“The crucial question for any academic system is how filtering works. Information is cheap. What we want is some way to identify the most valuable information.” (more…)
“In a survey of 27 philosophy of science journal editors we conducted in 2023, many, if not most of them, did not know that they were working in a transformative journal.” A what now? (more…)
By request, here is a post for people to share their journal “horror stories.”
The University of Chicago Press (UCP) has ceased selling two books about philosophers because their authors did not properly cite sources. (more…)
“Considering my own area of philosophy of language and mind, I don’t think there is all that much difference between most of what gets published in the ‘top’ journals, and most of what gets published in the ‘tier 2 ‘journals. My sense is that there is rather too much good work to keep track of, not that the difference between the top tier and the tier 2 journals is ..
“It is a classic collective action problem. In that Tragedy of the Commons, the role of the editor is to be The Enforcer, against both self-serving authors in the blogsphere and self-serving commercial publishers in the share market.” (more…)
For a Halloween party back when I was in graduate school, a friend of mine dressed up as his imagined first book.
A couple of years ago, we had a discussion of “Philosophy Journal Horror Stories“. Most of the experiences shared were from the perspective of authors. But authors aren’t the only participants in the academic publishing system with complaints (from which we might, one hopes, learn something). (more…)
Editors of academic philosophy journals whose content is largely behind paywalls may be interested in applying to a new program from MIT Press that will “cover the expenses of transitioning a journal to open access model for a three-year term, provide the Press’s full suite of publishing services, and support the development of a sustainable funding model for the fu..
What should our norms be regarding the publishing of philosophical work created with the help of large language models (LLMs) like ChatGPT or other forms of artificial intelligence? (more…)
Studia Logica: An International Journal for Symbolic Logic, recently published and then retracted two articles by Janusz Czelakowski (Opole) following a discussion at MathOverflow, a site for professional mathematicians. (more…)
James Stacey Taylor, a professor of philosophy at The College of New Jersey, is concerned about the problem that “scholars are not verifying the accuracy of their sources,” and offers up a solution. (more…)
Is there a refereeing crisis in philosophy? There has been a fair amount of discussion about this over the past couple of months. What was missing from much of this discussion, though, was data. So I asked for some. (more…)
I didn’t think this happened anymore, but apparently some philosophy journals still reject or decline to consider manuscripts because they don’t conform to the journal’s or publisher’s style requirements. (more…)
A graduate student in philosophy wrote to share that he and another student had been recently booted from an edited collection under contract with Cambridge University Press (CUP) because, he says, the press does not allow chapters to be authored solely by graduate students. (more…)
Over the past couple of weeks we’ve seen complaints from journal editors about the difficulty of finding referees and managing the refereeing process in a timely way but also some commentary suggesting that there may not be a problem. (more…)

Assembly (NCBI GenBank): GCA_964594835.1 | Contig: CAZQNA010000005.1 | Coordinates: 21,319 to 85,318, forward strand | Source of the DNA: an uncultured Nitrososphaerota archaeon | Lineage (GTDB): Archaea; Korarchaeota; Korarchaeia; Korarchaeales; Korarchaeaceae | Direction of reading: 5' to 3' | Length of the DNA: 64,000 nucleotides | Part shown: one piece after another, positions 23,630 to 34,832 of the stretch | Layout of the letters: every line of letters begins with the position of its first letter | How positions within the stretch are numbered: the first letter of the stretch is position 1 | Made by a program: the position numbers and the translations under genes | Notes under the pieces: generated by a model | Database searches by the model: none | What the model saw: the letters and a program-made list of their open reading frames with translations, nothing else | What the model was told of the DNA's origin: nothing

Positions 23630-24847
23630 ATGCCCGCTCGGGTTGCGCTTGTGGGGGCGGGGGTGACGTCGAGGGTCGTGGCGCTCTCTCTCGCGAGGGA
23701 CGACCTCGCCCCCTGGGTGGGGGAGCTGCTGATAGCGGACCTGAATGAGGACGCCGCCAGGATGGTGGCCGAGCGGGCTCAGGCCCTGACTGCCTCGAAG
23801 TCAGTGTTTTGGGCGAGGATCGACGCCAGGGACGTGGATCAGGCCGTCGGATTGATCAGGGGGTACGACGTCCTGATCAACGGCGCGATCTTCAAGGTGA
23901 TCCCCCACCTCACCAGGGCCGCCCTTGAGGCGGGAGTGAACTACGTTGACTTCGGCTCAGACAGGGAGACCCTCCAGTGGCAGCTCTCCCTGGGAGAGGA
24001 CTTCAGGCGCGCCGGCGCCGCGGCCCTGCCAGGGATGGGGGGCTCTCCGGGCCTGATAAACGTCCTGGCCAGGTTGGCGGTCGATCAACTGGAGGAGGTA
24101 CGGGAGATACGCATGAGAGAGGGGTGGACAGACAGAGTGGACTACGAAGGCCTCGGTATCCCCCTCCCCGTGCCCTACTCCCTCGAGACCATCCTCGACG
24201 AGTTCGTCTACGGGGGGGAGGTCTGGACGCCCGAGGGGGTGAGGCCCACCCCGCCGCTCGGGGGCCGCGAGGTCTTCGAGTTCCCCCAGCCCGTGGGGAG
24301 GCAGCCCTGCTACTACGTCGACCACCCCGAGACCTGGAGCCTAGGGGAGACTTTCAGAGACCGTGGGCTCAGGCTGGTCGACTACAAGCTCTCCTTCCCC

At least part of the “referee crisis” in philosophy comes from the fact that many philosophers are never or only rarely asked to referee. How can editors find these relatively untapped referees? (more…)
Over at The Philosopher’s Cocoon, Helen de Cruz (SLU) laments her experiences with peer review from the perspective of an editor trying to get submissions refereed, saying “it is my strong suspicion that the peer review system is finally broken beyond reasonable repair.” (more…)
Would “an online, crowd-sourced peer-review system” work better than traditional peer-review as a “quality control device” in philosophy? In a paper forthcoming in The British Journal for the Philosophy of Science, three philosophers, Marcus Arvan (Tampa), Liam Kofi Bright (LSE), and Remco Heesen (Western Australia), argue for a positive answer to this question. (m..
A few years ago, Neil Sinhababu, associate professor of philosophy at the National University of Singapore, wrote about the “publication crisis” in academic philosophy in a post entitled “2,000 Spaces for 10,000 Papers: Why Everything Gets Rejected & Referees Are Exhausted.” In this guest post*, he follows up with a proposal for how to help make things better. (more..
The editors of a new book series from Oxford University Press (OUP) that will publish works that “exhibit conversation between traditions or cultural sources not often engaged together” are seeking submissions of proposals. (more…)
Have Jews insinuated themselves into positions of power and influence in politics and culture because they are innately gifted with higher IQs, or is it also because they are ethnocentric and hypocritical networkers good at using non-Jews in their self-serving mission of “transforming America contrary to white interests”? Race science and/or conspiracy theory? This-..
A database of information regarding citations of researchers has been updated, and now includes information about the citation rates of researchers, including philosophers. (more…)